0 Likes

H10 lanzarote gardens
Canary Islands

Website:

Located on the Costa Teguise just 200m away from the Playa de las Cucharas beach, the H10 Lanzarote Gardens has apartments outfitted with a full range of home comforts, and it includes two bars, a buffet restaurant, swimming pools, tennis courts and everything needed for unforgettable holidays. And for the children, the H10 Family Club programme has lots of activities for them to enjoy

Copyright: Jan köhn
Type: Spherical
Resolution: 14000x7000
Uploaded: 14/01/2010
Updated: 29/05/2014
Zobrazení:

...


Tags: hotel; lanzarote; h10; lanzarote gardens; night
comments powered by Disqus

Jan Koehn
H10 lanzarote gardens - Pool view
Jan Koehn
H10 lanzarote gardens - 1
Jan Koehn
H10 lanzarote gardens - apartment
Carlos Bacelo
Costa Teguise carnival
Wojciech Fuchs
Costa Teguise - Jabillo Beach
Wojciech Fuchs
Costa Teguise - Bastian Beach
Alex Hool
Costa Tequise volcanic hill north Sands beach Resort
Gregor Hartmaier
Lanzarote Golf - Costa Teguise
Carlos Bacelo
Telamon
Carlos Bacelo
Puerto
Carlos Bacelo
Foundation Cesar Manrique.
Jan Koehn
Fundación César Manrique
Thomas Bredenfeld
Suworow Monument and Devil's Bridge on the Gotthard route in Switzerland
Milos Pec
Burroughs Mountain, WA, USA
Manuel Gine
VOLTES DEL CIRC
Mark Schuster
Golestan Palace - Iran - Tehran [3]
EdouardAS
Volcano Summit
Jann Lipka
European election - climate installation of the Green Party
Jakub Hruska
Aboard Norröna
Daniel Oi
University of Glasgow, Undercroft
Alexander Saranchuk
Crossroad bl. Shevchenko - Pushkinskaya st. - Premier Palace Hotel - Kiev - Ukraine
Flemming V. Larsen
Sculpture by the Sea - by Jörg-Werner Schmidt
Flemming V. Larsen
Sculpture by the Sea - by Hugh Ramage
Tibor Illes
Onion House Cultural centre (Hagymaház) - Theatre auditorium - planning Imre Makovecz
Jan Koehn
Sunset Buri - Resort
Jan Koehn
Californiastreet
Jan Koehn
Walberlafest
Jan Koehn
Uni Bibliothek
Jan Köhn
Pano Strohballen Hdr 01 Fixed
Jan Köhn
Martinsbuehler Church - Cemetery
Jan Koehn
Zollhaus
Jan Köhn
Bieberbach Osterbrunnen
Jan Koehn
Golden Gate Bridge 3
Jan Koehn
Museum
Jan Koehn
Sant Bartomeu - Rose Garden
Jan Koehn
Hugenottenbrunnen
More About Canary Islands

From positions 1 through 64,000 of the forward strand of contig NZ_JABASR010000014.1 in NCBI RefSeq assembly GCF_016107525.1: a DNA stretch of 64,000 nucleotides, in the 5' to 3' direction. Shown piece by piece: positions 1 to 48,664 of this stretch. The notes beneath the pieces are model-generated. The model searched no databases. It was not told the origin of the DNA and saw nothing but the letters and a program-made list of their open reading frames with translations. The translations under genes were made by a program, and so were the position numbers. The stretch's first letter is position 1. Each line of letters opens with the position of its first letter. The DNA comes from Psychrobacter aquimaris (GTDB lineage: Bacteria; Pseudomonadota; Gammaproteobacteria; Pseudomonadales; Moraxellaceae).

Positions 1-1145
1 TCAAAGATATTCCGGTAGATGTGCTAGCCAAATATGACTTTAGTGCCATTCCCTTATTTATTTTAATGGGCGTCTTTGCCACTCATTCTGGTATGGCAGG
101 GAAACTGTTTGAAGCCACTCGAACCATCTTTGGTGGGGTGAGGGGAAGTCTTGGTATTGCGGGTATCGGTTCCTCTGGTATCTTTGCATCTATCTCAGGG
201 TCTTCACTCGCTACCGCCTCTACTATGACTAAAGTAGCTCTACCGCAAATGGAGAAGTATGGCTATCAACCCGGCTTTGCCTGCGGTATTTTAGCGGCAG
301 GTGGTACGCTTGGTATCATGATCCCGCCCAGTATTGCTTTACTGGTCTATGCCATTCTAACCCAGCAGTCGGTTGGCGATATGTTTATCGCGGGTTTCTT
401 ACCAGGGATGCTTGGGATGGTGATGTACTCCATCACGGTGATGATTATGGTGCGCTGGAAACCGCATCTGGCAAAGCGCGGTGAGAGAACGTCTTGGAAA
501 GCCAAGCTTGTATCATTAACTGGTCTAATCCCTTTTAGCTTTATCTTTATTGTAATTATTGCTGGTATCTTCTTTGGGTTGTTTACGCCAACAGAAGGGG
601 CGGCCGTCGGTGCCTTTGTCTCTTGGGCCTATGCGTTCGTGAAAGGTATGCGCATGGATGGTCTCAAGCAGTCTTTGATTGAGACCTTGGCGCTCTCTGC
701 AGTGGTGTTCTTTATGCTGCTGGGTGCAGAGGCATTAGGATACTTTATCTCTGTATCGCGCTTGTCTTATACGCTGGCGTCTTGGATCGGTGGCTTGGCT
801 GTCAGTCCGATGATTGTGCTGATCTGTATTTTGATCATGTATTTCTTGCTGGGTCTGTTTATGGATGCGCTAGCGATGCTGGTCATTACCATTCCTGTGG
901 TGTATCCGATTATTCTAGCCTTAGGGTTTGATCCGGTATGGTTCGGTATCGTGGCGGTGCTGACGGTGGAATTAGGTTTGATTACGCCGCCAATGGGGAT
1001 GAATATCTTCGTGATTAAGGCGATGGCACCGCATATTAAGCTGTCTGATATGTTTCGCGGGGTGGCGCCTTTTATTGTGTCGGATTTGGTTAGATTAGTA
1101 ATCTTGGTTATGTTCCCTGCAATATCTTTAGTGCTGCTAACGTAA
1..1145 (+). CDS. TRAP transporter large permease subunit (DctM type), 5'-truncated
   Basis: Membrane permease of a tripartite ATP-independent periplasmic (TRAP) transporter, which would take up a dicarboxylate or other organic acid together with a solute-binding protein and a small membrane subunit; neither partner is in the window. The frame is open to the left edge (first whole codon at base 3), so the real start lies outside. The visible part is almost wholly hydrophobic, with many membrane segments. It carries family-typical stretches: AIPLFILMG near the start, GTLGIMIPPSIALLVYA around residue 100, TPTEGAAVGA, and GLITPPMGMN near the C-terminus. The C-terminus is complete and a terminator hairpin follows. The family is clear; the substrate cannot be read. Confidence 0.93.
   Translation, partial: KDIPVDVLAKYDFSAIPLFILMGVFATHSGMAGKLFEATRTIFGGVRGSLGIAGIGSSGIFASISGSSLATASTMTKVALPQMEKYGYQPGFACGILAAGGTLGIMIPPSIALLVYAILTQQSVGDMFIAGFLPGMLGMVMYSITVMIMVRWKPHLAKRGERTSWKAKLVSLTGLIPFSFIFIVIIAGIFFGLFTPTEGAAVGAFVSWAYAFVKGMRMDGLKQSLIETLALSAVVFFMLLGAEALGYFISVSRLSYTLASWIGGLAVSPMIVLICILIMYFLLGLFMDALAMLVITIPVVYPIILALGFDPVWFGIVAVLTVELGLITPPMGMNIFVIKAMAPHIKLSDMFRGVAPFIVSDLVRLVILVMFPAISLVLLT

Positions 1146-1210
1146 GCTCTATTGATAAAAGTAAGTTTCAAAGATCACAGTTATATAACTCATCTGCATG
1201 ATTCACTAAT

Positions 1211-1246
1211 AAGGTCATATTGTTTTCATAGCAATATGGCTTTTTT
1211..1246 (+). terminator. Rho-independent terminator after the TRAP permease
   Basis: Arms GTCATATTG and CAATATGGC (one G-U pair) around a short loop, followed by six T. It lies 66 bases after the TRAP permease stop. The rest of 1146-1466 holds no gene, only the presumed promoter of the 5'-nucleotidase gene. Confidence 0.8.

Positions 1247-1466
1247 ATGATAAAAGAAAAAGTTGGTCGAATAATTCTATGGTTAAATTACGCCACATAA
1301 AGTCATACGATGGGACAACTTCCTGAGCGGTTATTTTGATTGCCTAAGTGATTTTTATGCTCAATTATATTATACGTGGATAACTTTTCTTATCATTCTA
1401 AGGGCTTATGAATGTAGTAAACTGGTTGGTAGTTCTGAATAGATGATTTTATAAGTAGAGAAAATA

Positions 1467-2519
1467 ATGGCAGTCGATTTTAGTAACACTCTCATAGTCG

Overview and HistoryThe Canary Islands lie off the west coast of Africa and exist as an autonomous community belonging to Spain.There are seven major islands in the archipelago and one minor island, then several small pointy bits which grumble about their diminutive status. The big ones are Tenerife, Gran Canaria, Fuerteventura, La Palma, Lanzarote, El Hierro, and La Gomera.The whole group is the result of volcanic activity from 60 million years ago, which is why the beaches have black sand for you to crunch along on. There are no active volcanos at the moment, but one never knows. Another way to say it is that these islands are part of the Atlas Mountain range which can be traced across northern Africa.At one point in the 16th century the islands were called "the sugar islands" for their production of cane sugar. The economy has since developed wineries, agriculture and now tourism as principal activity.Getting ThereThe Canary Islands have six airports in total. Here's a quick reference for the airports. The main international airport is Gran Canaria Airport, the gateway to the islands. It's 18km south of Las Palmas and has EU, International and Inter-Island terminals.TransportationHighway maintenance to the Canary Islands is sorely lacking, ha ha. Ferry service connects the islands to each other, but you can also take a small plane to hop between them.On the islands you can rent a car but be sure to carry your passport and license with you all the time. People ride bikes and take the guagua bus to get around. (It's pronounced "wa-wa".) Bus schedules can be infrequent or sporadic. Tenerife and Gran Canaria have impressive public transport systems that cover most of their islands.People and CultureThe Canary currency is the Euro; the islands are one of the farthest outlaying regions of the Euro zone.The culture is undoubtedly Spanish, but the mainland custom of kissing on both cheeks when you say hello can be abbreviated to only one kiss. You need quick reflexes to get it right. There's an accent that's a little bit different from mainland, and not quite the same as South American spanish either. The saying is that islanders talk "with potatos in their mouth" because of their lazy-sounding pronunciation.Things to do, RecommendationsHere's a basic look at the main islands. The way we see it, if you need directions for how to have fun on a tropical island full of fruit and fish, you're beyond our help.The largest island is Tenerife with about two thousand square kilometers and a wide variety of plant life and terrain. It is home to the highest point "in Spain", the volcano El Teide at 3718 meters. Tenerife has excellent weather all year round, with a wide variety of terrain and vegetation including crops such as bananas, tomatos and potatos.La Palma does not have very many beaches, and they are not very long. Two popular ones are in Puerto Naos on the west side, and Los Cancajos on the east. Most of the island is a biological reserve. It's known as "the green island"; come here for the mountains, sweet bananas and vineyards.On Gran Canaria you can choose from endless sandy beaches, dunes, mountains and also lush green scenery. This island is home to more than half the population of the Canary Islands.Fuertaventura has the oldest history. Homer mentioned it in his brief travel guide called "The Odyssey." Its name may come from the expression "What a great adventure!", or possibly, "strong wind." It's only separated from continental Africa by a narrow channel. Fuertaventura has the longest of all the beaches, and wonderful fine sand.Lanzarote is a Biosphere Reserve under UNESCO declaration, and comprises one of the six universal models of sustainable development according to the World Tourism Organization. Lanzarote is the farthest East of the major islands and has a year-round average temperature of 22 degrees C.La Gomera sports a National Park with dense forestation, crossed by deep ravines and surrounded by a perimeter of cliffs along most of the coast. Islanders have a special whistling language to communicate across the gorges in the forest.Text by Steve Smith.